If you happen to find reviews from newer members, they will most likely be negative ones. Ensure you do your research. You may find complaints all over their social media handles. It is always a good idea to learn from the experience of others instead of yours

7. You are pressured to join

All Ponzi schemes have this effect. They practically choke on your neck until you cannot breathe. Most times the members who have benefitted and still want to benefit some more will be the ones to put pressure on you. They usually try to convince you with several points about why you should register as soon as possible. Most times, you won’t even be given time to think because they convince you that every second wasted is the money going down the drain.

If you feel like you are pressured to join the so-called investment platform without being given the chance to think, then it just might be a Ponzi scheme. The pressure to join the investment is a cause for alarm, but that’s not all. There’s also another kind of pressure which I will discuss below.

8. Pressure to reinvest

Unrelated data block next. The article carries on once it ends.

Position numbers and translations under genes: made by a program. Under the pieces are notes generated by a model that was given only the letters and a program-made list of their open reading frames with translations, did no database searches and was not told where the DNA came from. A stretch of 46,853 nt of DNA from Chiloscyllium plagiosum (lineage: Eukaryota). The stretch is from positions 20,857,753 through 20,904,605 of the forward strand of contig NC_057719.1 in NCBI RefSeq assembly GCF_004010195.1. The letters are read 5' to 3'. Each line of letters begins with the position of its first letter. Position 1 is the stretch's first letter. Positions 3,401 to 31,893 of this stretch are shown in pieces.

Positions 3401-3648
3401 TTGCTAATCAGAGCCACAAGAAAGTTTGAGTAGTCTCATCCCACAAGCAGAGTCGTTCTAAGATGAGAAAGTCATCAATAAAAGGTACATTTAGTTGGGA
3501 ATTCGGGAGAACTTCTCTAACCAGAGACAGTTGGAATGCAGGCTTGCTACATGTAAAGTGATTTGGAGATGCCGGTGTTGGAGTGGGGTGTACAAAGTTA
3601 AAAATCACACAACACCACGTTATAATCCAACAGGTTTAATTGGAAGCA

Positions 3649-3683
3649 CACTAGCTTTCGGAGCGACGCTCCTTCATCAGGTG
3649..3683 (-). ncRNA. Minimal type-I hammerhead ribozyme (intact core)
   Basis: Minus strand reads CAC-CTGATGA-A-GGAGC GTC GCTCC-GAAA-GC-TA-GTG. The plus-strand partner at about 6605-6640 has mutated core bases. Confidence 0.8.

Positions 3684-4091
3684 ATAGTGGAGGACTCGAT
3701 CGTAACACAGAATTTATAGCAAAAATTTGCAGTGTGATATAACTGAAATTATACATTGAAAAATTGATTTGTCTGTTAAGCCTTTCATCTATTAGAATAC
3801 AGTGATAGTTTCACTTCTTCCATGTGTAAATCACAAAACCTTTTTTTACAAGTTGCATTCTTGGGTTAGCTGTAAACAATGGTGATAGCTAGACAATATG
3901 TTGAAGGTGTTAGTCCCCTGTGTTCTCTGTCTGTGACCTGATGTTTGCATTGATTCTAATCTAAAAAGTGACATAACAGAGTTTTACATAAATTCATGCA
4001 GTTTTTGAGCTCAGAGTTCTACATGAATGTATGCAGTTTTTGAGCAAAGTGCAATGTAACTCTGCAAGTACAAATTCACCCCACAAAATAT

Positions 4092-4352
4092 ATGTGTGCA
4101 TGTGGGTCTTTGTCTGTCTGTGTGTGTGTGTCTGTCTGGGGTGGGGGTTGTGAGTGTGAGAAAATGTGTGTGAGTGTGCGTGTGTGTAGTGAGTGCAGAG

After you have succumbed to the pressure to join, this is the point where the owners of the company will begin to pressure you to reinvest. Ponzi schemes thrive on capital obtained from investors. This means a large number of investors pulling out at the same time is detrimental to the health of the company. Because of this, Ponzi schemes create a sense of urgency to pressure investors into reinvesting with the hopes of earning a ridiculous amount of money

9. The promise of guaranteed returns

Are you being offered consistent, guaranteed returns? That is a warning sign of a Ponzi scheme. Genuine investment platforms will not hesitate to tell you that their investment is risky. They’ll tell you plainly that you might lose some money due to fluctuations in the market. Ponzi schemes are not so honest about things.

Instead, they lie blatantly to get you to believe that the investment you are about to go into is a sure way to make money with no possibility of losing. Greed is the major reason why the promise of a guaranteed return appeals to a lot of people. Meanwhile deep within us, we all know that there is no such thing as 100% guaranteed returns.

10. Leverage on trust